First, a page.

WWE legend Mick Foley opens up on disappointment with brutal Undertaker match

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WWE legend Mick Foley has opened up on one of the most notable matches of his career – and admits harbouring some significant disappointments.

Foley, 55, is one of the wrestling world’s most notable figures, as a former WWE Champion and a star of the iconic Attitude Era.

The daredevil, who uniquely wrestled under the guise of three different characters during his tenure with the company, is renowned for the incredible punishment he was willing to take in his matches.

In 1998 he was thrown the better part of 20 feet from the top of a steel cell, crashing through a commentary table in an unforgettable clash with The Undertaker – before falling through the cage and onto the ring below.

Ahead of WWE’s Hell in a Cell pay per view event this weekend where the stars of the present day prepare to shine, the Hall of Fame star concedes he’s still feeling the aches and pains of that brutal bout some 22 years later.

Speaking exclusively to Daily Star Online ahead of the event – which features the likes of WWE Champion Drew McIntyre defending against Randy Orton – we touched on another of Foley’s classics against The Undertaker, another of WWE’s most iconic names and one of his greatest on-screen rivals.

Two years prior to their ’98 war came their unique match at Summerslam in 1996, the Boiler Room Brawl, which mostly played out in the dank and dark recesses of the arena in Cleveland, Ohio.

It was a match that struggled to translate to television despite WWE’s best efforts – and from a production standpoint was understandably a world away from the cinematic-style matches that headlined WrestleMania earlier this year, one ironically involving The Undertaker.

Foley revealed some disappointments with the marquee match that ended with The Undertaker’s legendary manager, Paul Bearer, turning on him and aligning with Foley, then wrestling as Mankind.

"It's an interesting point," he admits, on the idea of how the match might have been presented today. "I think it could have been a very memorable cinematic match.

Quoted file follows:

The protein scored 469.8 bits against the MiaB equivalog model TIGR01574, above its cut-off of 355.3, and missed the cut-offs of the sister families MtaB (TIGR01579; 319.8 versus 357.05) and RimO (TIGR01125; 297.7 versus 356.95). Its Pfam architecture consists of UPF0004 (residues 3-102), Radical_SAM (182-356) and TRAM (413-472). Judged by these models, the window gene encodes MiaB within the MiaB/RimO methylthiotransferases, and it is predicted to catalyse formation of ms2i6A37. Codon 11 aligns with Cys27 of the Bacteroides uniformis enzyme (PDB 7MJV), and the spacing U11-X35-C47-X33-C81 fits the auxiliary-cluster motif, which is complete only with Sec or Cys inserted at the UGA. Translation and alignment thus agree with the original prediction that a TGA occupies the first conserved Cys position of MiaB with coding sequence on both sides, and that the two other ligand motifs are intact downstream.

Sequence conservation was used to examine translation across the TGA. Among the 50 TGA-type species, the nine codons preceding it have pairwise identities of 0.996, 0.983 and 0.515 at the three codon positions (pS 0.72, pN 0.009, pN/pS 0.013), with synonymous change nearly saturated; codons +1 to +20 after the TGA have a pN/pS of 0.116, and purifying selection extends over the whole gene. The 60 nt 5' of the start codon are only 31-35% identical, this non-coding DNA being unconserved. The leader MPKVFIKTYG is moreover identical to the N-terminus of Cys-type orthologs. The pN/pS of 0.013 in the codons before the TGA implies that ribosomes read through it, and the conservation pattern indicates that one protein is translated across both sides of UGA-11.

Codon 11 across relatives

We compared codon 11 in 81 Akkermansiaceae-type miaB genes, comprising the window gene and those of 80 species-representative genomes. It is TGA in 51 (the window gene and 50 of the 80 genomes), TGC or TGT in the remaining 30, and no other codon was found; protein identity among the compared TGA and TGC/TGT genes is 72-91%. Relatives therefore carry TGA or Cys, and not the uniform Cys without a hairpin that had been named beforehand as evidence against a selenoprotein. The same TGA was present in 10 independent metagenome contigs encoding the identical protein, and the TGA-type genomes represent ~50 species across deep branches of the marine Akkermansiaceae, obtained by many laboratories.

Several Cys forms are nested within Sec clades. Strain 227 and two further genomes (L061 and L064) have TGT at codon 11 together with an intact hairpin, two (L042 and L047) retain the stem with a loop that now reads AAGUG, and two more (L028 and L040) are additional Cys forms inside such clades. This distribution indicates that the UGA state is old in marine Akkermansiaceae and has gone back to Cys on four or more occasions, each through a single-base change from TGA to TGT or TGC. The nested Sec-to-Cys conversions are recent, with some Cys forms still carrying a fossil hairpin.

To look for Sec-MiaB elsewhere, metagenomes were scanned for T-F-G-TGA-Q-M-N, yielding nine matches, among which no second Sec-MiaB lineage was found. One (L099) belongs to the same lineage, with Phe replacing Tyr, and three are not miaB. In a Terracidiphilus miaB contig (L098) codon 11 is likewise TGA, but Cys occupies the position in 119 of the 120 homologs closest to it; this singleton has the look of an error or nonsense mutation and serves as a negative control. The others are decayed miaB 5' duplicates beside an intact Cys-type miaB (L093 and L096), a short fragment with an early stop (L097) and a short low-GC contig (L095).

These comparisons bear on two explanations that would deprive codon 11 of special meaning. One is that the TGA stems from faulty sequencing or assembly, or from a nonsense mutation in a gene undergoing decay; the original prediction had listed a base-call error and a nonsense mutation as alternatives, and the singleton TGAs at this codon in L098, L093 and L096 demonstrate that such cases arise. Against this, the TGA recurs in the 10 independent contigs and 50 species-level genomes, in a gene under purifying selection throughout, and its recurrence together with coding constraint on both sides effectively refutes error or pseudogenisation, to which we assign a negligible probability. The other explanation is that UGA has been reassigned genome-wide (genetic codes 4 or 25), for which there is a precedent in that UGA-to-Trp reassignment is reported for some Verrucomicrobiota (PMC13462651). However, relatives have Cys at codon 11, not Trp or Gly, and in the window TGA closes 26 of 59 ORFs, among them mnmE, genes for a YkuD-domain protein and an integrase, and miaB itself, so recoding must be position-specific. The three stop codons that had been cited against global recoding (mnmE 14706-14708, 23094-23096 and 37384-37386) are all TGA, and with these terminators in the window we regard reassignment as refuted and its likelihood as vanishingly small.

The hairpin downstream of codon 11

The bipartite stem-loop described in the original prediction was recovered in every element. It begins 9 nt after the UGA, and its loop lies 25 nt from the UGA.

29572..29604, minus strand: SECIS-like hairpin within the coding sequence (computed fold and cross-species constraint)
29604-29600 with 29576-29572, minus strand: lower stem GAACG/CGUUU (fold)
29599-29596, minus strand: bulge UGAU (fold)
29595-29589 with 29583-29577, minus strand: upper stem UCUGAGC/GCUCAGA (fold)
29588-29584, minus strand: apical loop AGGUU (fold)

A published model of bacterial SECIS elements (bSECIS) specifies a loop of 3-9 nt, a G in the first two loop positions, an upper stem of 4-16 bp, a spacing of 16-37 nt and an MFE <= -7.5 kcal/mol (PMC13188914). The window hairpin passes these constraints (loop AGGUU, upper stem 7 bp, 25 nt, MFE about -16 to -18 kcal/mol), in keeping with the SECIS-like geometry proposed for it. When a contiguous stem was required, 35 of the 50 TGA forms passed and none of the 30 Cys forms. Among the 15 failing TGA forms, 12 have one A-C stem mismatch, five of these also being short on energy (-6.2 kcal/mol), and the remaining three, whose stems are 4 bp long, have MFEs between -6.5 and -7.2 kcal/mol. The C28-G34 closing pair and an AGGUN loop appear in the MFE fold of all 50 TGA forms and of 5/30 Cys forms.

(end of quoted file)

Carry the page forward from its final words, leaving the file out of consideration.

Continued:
"It was actually a disappointment to me in the sense that I thought the lack of commentary hurt it.

"I understand that it was considered a compliment to not do commentary over a 17-minute match, but I thought it did hurt the match.

"It injured both me and The Undertaker!

"It resulted in me hurting my back pretty badly and The Undertaker developing a really nasty staph infection.

"So I was always disappointed with the way the match came across, but I thought the last few minutes, where we were out in front of the live crowd, was really wild.

"The turn, when Paul Bearer turned on The Undertaker, it really helped cement Mankind as a character that WWE fans should be taking seriously for a long time to come."

While it was as Mankind that Foley most notably threw caution to the wind in WWE, he also enjoyed success and notoriety and success as Dude Love and, later, Cactus Jack.

The later pair were adaptations of creation’s from Foley’s own mind, yet each one left a marked impression on wrestling fans around the world.

For fun, then, who would Foley put his money on if all three were to clash inside Hell in a Cell?

The man himself was amused by the hypothetical mega-match and weighed in, adding: "I don't think the Dude ever accepts a Hell in a Cell match – he was a lover, not a fighter, which doesn't make for a very good Cell match!

"Mankind and Cactus Jack, and fantasy booking? Well, they both lost epic contests in the Cell, Cactus to Triple H and Mankind against The Undertaker.

"It's hard for me to say who would come out on top… but Cactus would've pulled it out – he would have found a way!"

Catch all the action from WWE Hell in a Cell, live on Sunday at 1am on BT Sport.

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